Sambazon manufactures frozen acai “smoothie packets” and I always get the plain, unsweetened ones.   Acai is bursting with antioxidants, including anthocyanin, which is common in fruits with rich red and purple colors, like grapes and berries, but acai has far more than any other food. Acai’s ORAC level is over 3,500, which is hundreds of times higher than your average fruits like apples and bananas. Acai also is a great source of omega-3 and unrefined omega-6 fats.   My favorite way to use Sambazon frozen acai smoothie packets is in this 2 minute “No-Milk Shake” (which is also found in our Clean Cuisine book):


Banana Acai SuperFood No-Milk Shake

Superfruit acai smoothie

1 tablespoon hemp seeds

1 frozen banana, cut into bite-sized pieces

1 packet (100 grams), frozen unsweetened Sambazon frozen acai smoothie packet

¾ cup wate

Optional: 2 to 3 pitted dates

Directions: Place all ingredients in a high-speed blender, like our favorite one from Ninja, until smooth and creamy.


More Frozen Fruits

I also use a lot of frozen mango, pineapple and cherries, especially in my SuperGreen Smoothies and No-Milk Shake recipes. Frozen mango is great for adding a creamy texture to smoothies by the way.   Even though I don’t buy them frozen, I should mention frozen bananas here too. Chopped frozen bananas are a staple freezer item at all times in our house because they can’t be beat for adding the perfect non-dairy creamy texture to smoothies and they are one of nature’s best sweeteners. And did you know bananas have something called “resistant starch”, which means your body doesn’t even absorb all the carbohydrates/ sugar from bananas? In other words, unlike what some diet gurus would like you to believe, bananas are not fattening.

I eat at least one banana every single day and although I don’t buy bananas frozen I freeze them myself. To freeze bananas simply peel a fresh banana, slice it, put the pieces in a zip-top bag and transfer to the freezer. Frozen bananas will keep for at least a month in the freezer. And they are great for baking with too!   Oh, and you can extend the life of your grapes and watermelon buy freezing them too. Nothing beats a “watermelon cooler” (blended frozen watermelon with a touch of fresh mint) as the perfect post-exercise hydration.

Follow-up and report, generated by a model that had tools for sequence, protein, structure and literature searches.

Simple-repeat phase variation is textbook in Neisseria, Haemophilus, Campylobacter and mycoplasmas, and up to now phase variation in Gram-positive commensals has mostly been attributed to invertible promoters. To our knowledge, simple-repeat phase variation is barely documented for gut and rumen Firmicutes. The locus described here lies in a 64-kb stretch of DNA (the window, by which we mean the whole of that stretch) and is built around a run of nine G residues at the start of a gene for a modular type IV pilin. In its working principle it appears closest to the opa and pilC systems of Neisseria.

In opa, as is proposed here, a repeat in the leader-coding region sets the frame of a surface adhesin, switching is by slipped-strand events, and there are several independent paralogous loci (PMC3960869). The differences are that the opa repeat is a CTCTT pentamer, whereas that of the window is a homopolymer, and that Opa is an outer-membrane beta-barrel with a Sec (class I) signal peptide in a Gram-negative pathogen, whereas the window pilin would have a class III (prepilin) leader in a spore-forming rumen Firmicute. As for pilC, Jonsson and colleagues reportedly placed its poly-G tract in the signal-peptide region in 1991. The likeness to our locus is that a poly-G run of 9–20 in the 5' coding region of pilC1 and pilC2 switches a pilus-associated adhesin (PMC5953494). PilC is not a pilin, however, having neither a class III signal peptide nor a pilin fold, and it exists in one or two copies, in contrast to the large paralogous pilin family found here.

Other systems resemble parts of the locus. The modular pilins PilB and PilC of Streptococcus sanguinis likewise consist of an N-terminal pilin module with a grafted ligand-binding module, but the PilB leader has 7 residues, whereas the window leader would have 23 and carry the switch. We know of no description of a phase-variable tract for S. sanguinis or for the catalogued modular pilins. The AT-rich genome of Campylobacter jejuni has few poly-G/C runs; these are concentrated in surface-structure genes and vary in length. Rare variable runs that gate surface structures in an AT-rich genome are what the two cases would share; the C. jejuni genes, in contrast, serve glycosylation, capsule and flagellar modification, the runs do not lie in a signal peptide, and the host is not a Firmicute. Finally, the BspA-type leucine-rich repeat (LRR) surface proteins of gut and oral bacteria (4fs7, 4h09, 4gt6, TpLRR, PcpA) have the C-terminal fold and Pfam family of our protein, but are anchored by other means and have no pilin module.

Frozen Greens — Super Speedy & Super Easy

frozen greens   I have always had great luck with pretty much any chopped frozen leafy green like kale, collards, turnips, broccoli raab, spinach, and mustard greens. You can use frozen chopped leafy greens a jillion different ways. Here are three super speedy and super easy ideas:

Sauté crushed garlic in a large skillet (I like 100% Green skillets by Xtrema® cookware click the link for a 10 percent discount) with a little extra-virgin olive oil or coconut oil over medium heat for 30 seconds. Add one finely chopped shallot and sauté until soft, about 2-3 minutes. Add the frozen chopped greens to the skillet, and sauté until the greens are heated through.

Put the chopped frozen veggies on a microwave-safe plate and heat directly in the microwave for 2 minutes, or until heated through, then top with a great sauce such as Rao’s Marinara or any of our sauce recipes in our Clean Cuisine book.

Add thawed frozen chopped greens to soups, casseroles, and chilis, you’d be surprised at how they blend right in and barely change the taste.

And by the way, whatever you do, you don’t want to prepare your frozen vegetables in water, which for whatever reason is the exact thing most frozen vegetable packages will tell you to do. Instead, you want to steam, microwave, or sauté the vegetables in a little oil while still frozen. Cooking frozen vegetables in water will give you a terrible-tasting result.


The Best Frozen Broccoli

Frozen whole broccoli (but not chopped) is also surprisingly good, often better than fresh. Today’s Harvest brand frozen broccoli is my favorite. Ideally you want to look for frozen vegetables that come in a clear bag as opposed to an opaque bag because I have found many of the opaque bags often contain more of the undesirable broccoli stems rather than the florets.